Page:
Posts Tagged ‘Christianity’


The Venus Transit, Rational Christianity, and Fornicating Gods

5 June 2012
The solar transit of Venus – when the planet gets between the earth and the sun, doing so only twice a century – isn’t eliciting much attention in the news today.  That wasn’t the case in 1769, however, when inspired Europeans invested enormous sums of money and energy sending scientists to the edges of the earth.  Those scientists were to write down the exact times Venus entered and left the sun’s field.  By taking one measurement and comparing it to a measurement taken in, say, Tahiti, a mathematician could use parallax to determine the distance of the earth to the sun.  As it turns out, explorers Captain James Cook and Joseph Banks were there in Tahiti at the time to take those planetary measurements.
Knowing the distance between the earth and the sun was a big deal in 1769.  Having that kind of knowledge meant humankind could peer into the heart of God’s created order.  Scientists and philosophers became something like gods in the process.  Discoveries like the distance from the sun to the earth (93 million miles, if you must know) did much to spur on the Enlightenment – an explosion of rational thought that, when taken as a religion, mutated Christian orthodoxy into deism and pantheism.  Anglicans like Cook and Banks would venture far from their doctrinal roots.
Not that everyone was busy rationalizing Christianity.  For Joseph Banks, basking in the Tahitian sun, there were things more interesting than planetary transits and metaphysics.  His journal says remarkably little about the astronomical observations but plenty about island culture.  He writes that after the transit he partied with a a local chieftain, and shortly thereafter came across some particularly easy women who were effortlessly coaxed into his tent.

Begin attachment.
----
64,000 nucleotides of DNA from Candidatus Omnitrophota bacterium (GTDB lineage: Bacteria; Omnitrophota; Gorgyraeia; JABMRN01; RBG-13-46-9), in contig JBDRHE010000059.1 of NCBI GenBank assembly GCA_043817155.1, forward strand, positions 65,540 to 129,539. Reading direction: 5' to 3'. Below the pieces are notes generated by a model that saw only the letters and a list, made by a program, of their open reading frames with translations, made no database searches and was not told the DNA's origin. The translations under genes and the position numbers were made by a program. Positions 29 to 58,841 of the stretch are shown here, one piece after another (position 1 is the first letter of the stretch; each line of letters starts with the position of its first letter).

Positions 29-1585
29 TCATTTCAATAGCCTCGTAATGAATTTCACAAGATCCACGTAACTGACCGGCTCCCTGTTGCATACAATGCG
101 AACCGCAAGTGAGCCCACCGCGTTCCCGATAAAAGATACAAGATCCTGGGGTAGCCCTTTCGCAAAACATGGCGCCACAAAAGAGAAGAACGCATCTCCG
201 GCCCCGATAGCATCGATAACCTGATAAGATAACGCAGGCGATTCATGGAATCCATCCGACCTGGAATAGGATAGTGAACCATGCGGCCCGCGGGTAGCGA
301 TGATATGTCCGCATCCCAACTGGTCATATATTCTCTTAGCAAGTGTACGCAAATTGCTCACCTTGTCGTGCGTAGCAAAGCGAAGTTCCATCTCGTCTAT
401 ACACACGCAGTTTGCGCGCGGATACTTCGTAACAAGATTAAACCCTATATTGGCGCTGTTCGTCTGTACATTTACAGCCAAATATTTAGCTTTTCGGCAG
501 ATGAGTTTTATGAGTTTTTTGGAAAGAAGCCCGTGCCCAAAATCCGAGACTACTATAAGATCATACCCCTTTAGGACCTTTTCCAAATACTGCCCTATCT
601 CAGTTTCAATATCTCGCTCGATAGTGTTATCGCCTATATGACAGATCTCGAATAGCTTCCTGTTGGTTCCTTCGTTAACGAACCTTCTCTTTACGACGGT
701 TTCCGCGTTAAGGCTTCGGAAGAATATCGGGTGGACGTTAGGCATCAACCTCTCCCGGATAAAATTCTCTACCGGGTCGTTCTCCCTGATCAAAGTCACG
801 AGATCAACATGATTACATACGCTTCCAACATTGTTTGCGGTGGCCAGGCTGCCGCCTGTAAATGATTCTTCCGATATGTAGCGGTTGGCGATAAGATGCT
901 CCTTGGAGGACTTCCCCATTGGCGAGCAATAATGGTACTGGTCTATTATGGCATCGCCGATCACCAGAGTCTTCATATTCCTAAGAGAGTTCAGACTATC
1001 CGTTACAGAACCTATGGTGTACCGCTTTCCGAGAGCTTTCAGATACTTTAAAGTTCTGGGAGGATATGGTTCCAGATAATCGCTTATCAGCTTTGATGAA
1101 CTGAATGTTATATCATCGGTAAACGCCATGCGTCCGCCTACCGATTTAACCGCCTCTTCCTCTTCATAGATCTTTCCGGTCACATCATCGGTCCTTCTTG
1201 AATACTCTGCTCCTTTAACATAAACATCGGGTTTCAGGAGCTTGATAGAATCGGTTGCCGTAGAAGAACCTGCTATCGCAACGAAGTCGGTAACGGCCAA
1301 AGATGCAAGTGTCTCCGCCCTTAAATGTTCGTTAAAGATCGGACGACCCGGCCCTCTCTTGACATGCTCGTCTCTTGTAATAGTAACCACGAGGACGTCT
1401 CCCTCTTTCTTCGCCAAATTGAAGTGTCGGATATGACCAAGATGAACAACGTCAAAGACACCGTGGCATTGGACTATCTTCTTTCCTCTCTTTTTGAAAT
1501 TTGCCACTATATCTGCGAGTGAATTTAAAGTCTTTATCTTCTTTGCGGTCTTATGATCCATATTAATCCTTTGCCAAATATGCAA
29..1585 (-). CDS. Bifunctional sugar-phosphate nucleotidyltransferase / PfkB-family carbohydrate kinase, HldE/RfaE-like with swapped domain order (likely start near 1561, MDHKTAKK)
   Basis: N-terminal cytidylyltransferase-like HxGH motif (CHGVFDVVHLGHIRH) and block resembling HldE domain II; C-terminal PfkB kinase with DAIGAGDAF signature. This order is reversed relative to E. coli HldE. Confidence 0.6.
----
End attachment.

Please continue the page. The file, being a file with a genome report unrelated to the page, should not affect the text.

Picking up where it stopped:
So much for godhood.

Edward Hitchcock on Rocks, the Feminine and Immortality

26 April 2011

Edward Hitchcock (1793-1864), noted geologist, theologian and president of Amherst College, has become, like so many of the lesser polymaths of the nineteenth century, mostly forgotten.  When his name does come up, the lingering Darwinian debates are usually the occasion.  But Hitchcock himself was a fascinating figure – not to mention surprisingly accurate as a scientist – as Nancy Pick uncovers in her delightful book, Curious Footprints: Professor Hitchcock’s Dinosaur Tracks and Other Natural History Treasures at Amherst College (Amherst, MA: Amherst College Press, 2006). 

I too wish to  investigate a new dimension of Hitchcock here: that he was very much a man of his age with regard to his evaluation of femininity.  The dedication to his wife in The Religion of Geology and Its Connected Sciences (1854), read in context of the entire book, identifies femininity as a positive, spiritual force able to lift one beyond the vicissitudes of the natural, physical realm.  Through his wife, Orra, Hitchcock finds romantic resources to understand death as good, and to reassert the value of geology for theological argumentation.

(For those of you wondering, no, I am not related to this particular Prof. Hitchcock.  And yes, I know it smacks of vanity to study authors with the same last name.  Sue me.)

Hitchcock’s bears his heart in The Religion of Geology, not least in its dedication wherein he hymns the virtues of his wife: